# Showing that two variables do no have a bivariate normal distribution

If $X_1$ is $N(0,1)$ and $X_2 = -X_1$ if $-1 \leq X_1 \leq 1$ or $X_2 = X_1$ otherwise, how do you prove that $X_1$ and $X_2$ do not have a bivariate normal distribution?

Attempt: Using the Jacobian method I proved that the distribution of $X_2$ is the standard normal distribution. To prove that $X_1$ and $X_2$ do not have a bivariate normal distribution there is a hint that says to consider the linear combination $X_1-X_2$ where $P(X_1-X_2) = P(|X_1|>1) = 0.3174$.

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If $X = (X_1, X_2)$ were bivariate normal, each linear combination $\alpha_1 X_1 + \alpha_2 X_2$ would be normally distributed. But $X_1 - X_2$ has $0 < P(X_1 - X_2 = 0) = P(|X_1| > 1) < 1$ so cannot be normally distributed as a non-degenerate normal distributed variable $Y$ has $P(Y = y) = 0$ for all $y \in \mathbb R$ and a degenerate one has $P(Y = y) \in \{0,1\}$ for all $y \in \mathbb R$.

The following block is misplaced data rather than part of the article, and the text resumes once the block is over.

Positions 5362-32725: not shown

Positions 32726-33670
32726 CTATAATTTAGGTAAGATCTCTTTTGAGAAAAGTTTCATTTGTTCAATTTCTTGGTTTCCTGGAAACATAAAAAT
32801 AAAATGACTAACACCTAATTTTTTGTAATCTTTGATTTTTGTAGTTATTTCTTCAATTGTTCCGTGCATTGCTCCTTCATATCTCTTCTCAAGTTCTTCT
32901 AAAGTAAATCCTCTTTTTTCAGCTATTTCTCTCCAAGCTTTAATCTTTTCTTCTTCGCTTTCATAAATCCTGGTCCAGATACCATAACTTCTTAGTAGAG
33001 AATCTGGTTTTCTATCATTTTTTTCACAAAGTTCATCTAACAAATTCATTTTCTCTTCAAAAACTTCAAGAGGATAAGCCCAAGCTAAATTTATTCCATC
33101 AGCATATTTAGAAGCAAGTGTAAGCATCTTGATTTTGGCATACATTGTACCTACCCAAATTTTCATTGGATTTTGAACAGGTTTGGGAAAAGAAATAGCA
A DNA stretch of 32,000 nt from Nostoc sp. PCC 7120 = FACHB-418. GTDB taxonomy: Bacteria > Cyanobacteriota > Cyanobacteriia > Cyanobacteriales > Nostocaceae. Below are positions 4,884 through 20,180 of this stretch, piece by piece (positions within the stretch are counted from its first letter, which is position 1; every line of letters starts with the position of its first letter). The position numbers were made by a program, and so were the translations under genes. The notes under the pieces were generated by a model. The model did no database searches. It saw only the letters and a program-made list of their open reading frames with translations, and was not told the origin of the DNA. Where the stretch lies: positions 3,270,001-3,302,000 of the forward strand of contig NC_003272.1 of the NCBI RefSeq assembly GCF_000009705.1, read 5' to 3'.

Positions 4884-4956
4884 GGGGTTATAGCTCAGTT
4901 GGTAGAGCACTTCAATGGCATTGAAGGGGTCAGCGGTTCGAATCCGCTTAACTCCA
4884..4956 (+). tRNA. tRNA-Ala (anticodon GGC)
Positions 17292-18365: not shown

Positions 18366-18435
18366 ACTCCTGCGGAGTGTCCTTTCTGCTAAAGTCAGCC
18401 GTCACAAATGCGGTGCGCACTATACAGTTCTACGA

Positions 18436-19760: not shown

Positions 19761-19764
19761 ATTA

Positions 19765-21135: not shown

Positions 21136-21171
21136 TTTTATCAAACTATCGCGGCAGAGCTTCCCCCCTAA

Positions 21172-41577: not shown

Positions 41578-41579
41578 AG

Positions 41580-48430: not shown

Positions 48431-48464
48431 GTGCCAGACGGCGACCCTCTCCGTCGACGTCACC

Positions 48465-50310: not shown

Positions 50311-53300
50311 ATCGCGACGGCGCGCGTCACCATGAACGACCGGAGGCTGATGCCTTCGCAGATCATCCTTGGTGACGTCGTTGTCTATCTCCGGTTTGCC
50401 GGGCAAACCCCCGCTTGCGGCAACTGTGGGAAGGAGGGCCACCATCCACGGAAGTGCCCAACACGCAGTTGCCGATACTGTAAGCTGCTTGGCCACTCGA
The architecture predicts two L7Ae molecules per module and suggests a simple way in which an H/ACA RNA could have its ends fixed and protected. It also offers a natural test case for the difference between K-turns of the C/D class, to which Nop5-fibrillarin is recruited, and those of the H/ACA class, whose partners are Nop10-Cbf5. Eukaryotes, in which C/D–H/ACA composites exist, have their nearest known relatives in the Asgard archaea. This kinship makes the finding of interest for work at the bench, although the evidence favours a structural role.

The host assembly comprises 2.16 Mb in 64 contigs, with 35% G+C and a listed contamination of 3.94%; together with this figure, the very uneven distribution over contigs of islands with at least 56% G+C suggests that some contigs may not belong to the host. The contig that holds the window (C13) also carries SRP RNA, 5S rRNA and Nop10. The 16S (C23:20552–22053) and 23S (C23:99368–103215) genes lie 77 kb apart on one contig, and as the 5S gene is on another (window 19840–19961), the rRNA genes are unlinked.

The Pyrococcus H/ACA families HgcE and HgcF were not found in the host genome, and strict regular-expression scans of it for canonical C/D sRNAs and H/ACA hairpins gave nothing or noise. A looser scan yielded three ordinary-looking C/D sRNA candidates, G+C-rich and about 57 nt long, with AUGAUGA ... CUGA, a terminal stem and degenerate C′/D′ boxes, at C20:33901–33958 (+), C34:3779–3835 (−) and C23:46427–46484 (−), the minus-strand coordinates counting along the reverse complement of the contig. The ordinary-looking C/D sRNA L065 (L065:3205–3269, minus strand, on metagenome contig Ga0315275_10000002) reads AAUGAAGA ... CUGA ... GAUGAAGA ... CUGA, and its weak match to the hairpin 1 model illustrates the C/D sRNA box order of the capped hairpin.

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since this is continuous the probability of one single value is 0 but in this case it is not – lord12 Oct 10 '12 at 13:42